Lean Six Sigma combines the best of two different concepts that result in more efficiency with less effort: Lean and Six Sigma. A “Lean” process implements actions that speed up processes, make them more productive and delivers a standard of excellence. Lean is achieved by removing Waste which is basically any activity that is not necessary to get a job done. Six Sigma by definition is simply a method of efficiently solving a problem. If utilized properly, Six Sigma greatly reduces the amount of defective products. The Six Sigma process uncovers areas that are causing issues in order to come up with ways to address these issues.
One of the greatest benefits of utilizing a Lean Six Sigma process is the impact that it has on revenue growth. It gives businesses the ability to do more with less. Costs go down as a result of removing “Waste” from a process. Waste, simply put, is any activity within a process that isn’t required to manufacture a product or provide a service.
5 phases (DMAIC) of the Six Sigma Process:
1. Define the goals of the improvement activity. The most important goals are obtained from customers. At the top level the goals will be the strategic objectives of the organization, such as greater customer loyalty, a higher ROI or increased market share, or greater employee satisfaction. At the operations level, a goal might be to increase the throughput of a production department. At the project level goals might be to reduce the defect level and increase throughput for a particular process. Obtain goals from direct communication with customers, shareholders, and employees.
2. Measure the existing system. Establish valid and reliable metrics to help monitor progress towards the goal(s) defined at the previous step. Begin by determining the current baseline. Use exploratory and descriptive data analysis to help you understand the data.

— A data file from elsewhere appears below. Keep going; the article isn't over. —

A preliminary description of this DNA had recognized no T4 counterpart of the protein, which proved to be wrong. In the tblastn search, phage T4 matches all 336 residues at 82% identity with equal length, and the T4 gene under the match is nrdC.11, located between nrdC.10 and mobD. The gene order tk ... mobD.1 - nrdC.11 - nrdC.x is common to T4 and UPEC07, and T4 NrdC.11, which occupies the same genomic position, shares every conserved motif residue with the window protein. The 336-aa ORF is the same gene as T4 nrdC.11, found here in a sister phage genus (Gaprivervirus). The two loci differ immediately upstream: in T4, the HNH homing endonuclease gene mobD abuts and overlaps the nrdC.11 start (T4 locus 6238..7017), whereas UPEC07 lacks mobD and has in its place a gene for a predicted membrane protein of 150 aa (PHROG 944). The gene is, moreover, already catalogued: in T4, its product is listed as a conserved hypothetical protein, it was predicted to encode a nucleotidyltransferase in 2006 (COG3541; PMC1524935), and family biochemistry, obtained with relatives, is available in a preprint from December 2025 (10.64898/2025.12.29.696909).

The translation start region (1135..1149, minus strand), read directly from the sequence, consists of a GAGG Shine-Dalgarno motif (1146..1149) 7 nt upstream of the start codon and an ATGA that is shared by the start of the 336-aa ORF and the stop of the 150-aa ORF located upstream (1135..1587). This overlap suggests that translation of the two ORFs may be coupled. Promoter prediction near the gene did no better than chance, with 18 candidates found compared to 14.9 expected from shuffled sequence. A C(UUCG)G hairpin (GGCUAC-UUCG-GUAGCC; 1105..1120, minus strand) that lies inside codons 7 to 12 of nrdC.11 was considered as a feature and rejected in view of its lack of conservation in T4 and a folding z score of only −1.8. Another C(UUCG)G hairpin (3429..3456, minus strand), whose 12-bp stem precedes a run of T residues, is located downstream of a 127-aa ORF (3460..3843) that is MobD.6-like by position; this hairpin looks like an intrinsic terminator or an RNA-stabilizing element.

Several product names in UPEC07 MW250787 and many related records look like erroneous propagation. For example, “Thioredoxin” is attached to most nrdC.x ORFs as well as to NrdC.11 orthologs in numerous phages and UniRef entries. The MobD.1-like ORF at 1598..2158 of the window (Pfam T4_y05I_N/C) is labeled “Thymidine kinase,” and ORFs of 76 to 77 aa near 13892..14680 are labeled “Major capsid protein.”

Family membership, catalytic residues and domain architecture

3. Analyze the system to identify ways to eliminate the gap between the current performance of the system or process and the desired goal. Use statistical tools to guide the analysis.
4. Improve the system. Be creative in finding new ways to do things better, cheaper, or faster. Use project management and other planning and management tools to implement the new approach. Use statistical methods to validate the improvement.
5. Control the new system. Institutionalize the improved system by modifying compensation and incentive systems, policies, procedures, MRP, budgets, operating instructions and other management systems. You may wish to utilize standardization such as ISO 9000 to assure that documentation is correct. Use statistical tools to monitor stability of the new systems.
Lean Six Sigma Certification is available in 4 different levels (Black, Green, Yellow or White Belt). Black is the highest and with completion of this training you would be well qualified to lead various Lean Six Sigma projects. The lowest is White Belt and it provides enough knowledge to be familiar with the concept of Lean Six Sigma and understand its benefits. contact us today to discuss what would work well for you and your company!